When Matthew retells a parable of Jesus he usually has two audiences in mind. In today’s parable of the wedding banquet and the unwilling guests we can easily catch the reference to the unwillingness of the scribes, Pharisees and the religious leaders to accept the invitation Jesus offers them to enter into a new and renewed relationship with God. As the parable tells us, “They made light of it” and went about their own business. They ignored Jesus and what he had to say. They even resorted to violence toward Jesus and His followers. The part of the parable describing the fate of those who refused their invitation refers to the destruction of the city of Jerusalem in 70 AD, when the Romans did not leave one stone upon another.
In the second part of this parable Matthew is speaking to the members of the early Christian community – those brought in from the highways and the byways – those people on the fringe of society, tax collectors, prostitutes, bad and good alike. These are all ‘graced’ people, they had no right to be there, and they are invited to this grand party.
Years ago there was an old technique in preaching when the preacher would deal with a particular subject on justice or morality and it would all be academic. Then the focus of the sermon would change when the preacher asked the people, “But what about you?” What does all this have to do with you personally, in other words, “let’s get down to brass tacks.” I think this is Matthew’s technique in the last part of this gospel when he tells about the wedding guest who was without his wedding garment. He is an apparent contradiction to this joyous feast. Matthew is teaching about the practical living out of a person’s acceptance of being invited. In the telling of this parable Matthew moves from invitation – “go out into the highways and by ways and make them come in” to facing the consequences of that acceptance, namely living one’s life by doing the deeds of faith. This fellow represents the spiritless, actionless followers of Jesus. The nominal Christians.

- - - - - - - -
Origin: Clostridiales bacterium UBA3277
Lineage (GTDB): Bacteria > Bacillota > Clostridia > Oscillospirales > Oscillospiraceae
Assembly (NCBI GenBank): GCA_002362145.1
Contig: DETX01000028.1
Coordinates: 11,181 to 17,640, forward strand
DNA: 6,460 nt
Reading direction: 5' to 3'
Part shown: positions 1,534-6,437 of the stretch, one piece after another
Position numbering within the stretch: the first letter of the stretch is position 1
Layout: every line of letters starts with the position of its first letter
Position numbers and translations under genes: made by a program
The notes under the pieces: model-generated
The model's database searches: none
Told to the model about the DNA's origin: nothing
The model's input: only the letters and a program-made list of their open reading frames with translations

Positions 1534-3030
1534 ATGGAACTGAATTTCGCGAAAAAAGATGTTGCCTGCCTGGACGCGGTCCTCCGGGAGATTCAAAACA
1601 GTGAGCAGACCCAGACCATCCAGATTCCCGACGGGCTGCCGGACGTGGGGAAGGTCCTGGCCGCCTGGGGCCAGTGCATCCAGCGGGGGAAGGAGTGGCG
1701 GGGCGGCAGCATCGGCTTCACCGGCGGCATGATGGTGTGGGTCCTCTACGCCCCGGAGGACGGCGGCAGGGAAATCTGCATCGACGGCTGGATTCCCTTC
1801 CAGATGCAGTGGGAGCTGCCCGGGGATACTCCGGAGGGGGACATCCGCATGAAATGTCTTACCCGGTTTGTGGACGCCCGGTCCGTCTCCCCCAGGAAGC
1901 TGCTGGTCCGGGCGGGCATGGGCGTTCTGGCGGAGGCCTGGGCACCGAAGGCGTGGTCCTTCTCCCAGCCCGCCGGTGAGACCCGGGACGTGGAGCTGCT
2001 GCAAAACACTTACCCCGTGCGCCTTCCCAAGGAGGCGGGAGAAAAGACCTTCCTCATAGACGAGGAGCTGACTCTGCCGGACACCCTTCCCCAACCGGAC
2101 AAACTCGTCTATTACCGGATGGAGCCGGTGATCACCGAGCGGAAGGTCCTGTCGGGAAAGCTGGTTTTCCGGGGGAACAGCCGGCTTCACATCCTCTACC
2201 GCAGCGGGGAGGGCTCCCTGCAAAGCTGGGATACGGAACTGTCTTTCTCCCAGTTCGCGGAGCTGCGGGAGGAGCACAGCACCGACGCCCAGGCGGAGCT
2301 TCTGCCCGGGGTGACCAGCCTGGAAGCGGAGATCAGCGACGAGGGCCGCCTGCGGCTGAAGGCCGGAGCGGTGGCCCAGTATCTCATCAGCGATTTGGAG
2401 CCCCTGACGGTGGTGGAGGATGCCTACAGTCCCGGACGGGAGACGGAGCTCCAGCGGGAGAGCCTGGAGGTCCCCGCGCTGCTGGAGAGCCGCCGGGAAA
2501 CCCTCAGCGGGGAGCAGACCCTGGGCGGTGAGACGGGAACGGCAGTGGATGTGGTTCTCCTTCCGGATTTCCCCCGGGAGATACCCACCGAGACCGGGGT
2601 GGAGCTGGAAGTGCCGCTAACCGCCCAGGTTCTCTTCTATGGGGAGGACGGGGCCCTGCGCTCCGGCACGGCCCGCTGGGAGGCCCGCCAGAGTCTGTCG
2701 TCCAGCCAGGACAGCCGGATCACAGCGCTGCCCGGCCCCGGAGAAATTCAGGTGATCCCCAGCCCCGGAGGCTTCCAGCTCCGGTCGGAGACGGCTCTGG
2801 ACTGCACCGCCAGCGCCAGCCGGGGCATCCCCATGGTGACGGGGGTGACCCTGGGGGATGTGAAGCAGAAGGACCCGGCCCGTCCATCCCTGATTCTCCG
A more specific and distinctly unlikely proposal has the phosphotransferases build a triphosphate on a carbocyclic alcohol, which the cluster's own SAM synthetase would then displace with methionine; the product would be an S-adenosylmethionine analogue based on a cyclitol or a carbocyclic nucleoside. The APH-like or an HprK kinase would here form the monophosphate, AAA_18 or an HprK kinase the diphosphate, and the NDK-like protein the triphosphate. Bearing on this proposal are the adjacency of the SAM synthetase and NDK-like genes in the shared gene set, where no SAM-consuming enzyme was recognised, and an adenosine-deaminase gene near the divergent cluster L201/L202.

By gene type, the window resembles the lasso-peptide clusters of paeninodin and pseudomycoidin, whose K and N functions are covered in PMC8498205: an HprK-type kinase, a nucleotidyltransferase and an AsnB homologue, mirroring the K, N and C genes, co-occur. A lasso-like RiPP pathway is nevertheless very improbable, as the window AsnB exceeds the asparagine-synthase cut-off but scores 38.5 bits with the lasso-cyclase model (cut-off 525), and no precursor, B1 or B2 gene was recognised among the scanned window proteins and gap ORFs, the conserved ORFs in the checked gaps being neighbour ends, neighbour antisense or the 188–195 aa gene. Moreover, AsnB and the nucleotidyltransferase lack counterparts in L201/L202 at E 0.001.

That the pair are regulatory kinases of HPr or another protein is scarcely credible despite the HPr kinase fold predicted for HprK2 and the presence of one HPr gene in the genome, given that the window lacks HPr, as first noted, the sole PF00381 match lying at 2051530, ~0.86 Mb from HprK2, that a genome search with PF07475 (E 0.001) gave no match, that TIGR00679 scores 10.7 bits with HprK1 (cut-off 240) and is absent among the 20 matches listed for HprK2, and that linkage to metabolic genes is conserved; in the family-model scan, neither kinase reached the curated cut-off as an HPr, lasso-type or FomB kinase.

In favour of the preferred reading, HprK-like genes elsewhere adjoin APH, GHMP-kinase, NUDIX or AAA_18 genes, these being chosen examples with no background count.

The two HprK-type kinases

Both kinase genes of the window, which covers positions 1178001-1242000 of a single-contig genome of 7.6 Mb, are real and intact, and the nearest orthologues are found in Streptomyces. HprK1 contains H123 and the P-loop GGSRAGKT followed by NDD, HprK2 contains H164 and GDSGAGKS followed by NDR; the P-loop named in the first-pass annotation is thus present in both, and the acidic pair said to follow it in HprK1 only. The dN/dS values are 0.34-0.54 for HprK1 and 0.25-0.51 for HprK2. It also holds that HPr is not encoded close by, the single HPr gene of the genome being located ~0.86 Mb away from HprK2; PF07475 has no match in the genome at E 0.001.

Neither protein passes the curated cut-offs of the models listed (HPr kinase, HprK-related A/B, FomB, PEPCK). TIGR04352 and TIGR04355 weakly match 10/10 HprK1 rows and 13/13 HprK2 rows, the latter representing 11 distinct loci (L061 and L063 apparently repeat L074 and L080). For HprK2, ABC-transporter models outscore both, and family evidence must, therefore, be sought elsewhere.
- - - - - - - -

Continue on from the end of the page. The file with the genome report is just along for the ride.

When people come in for a wedding and they tell me they are Catholic or Anglican or United or whatever, I always ask, “Is that a capital C or a small c?” There is a big difference. Maybe in the early Christian community in Jerusalem it was the same, people who were really committed to their new found faith in Jesus and people who associated with the community when it was to their advantage. Remember the parable Jesus told about the sower sowing seed and some seeds sprang up quickly but when the sun hit them they withered and died because they had no root. They were not wearing the wedding garment of commitment and faithfulness. Today we call them nominal Catholics or nominal Anglicans or nominal whatever. The C and E’s, Christmas and Easter. Our Jewish neighbours have the same experience, the Rabbis refer to them as the revolving door Jews, in on Rosh Hashanah and out on Yom Kippur.
And what about you and what about me? Are we wearing the wedding garment of fidelity and commitment? Our wedding garment is our lifestyle – how we live out our Christian life every day of life – I used this story a couple of weeks ago about someone asking a person, “Are you a Christian?” and the person answering, “Ask my neighbour.” What about you, what about me? Do we talk the talk and walk the walk? If we were arrested for being a Christian would there be enough evidence to convict us? These are all clichés but they have a message.
As we continue to celebrate this Mass on this Thanksgiving weekend we pray for ourselves and for each other that we appreciate the great gift we’ve been given, being invited to the wedding feast and given the wedding garment of our Christian faith. Strengthened by the bread of life we will receive at the Mass may each of be blessed to proudly wear this garment and bear witness to our faith, outside these walls by the lives we live, the work we do, the service we give and the prayers we pray.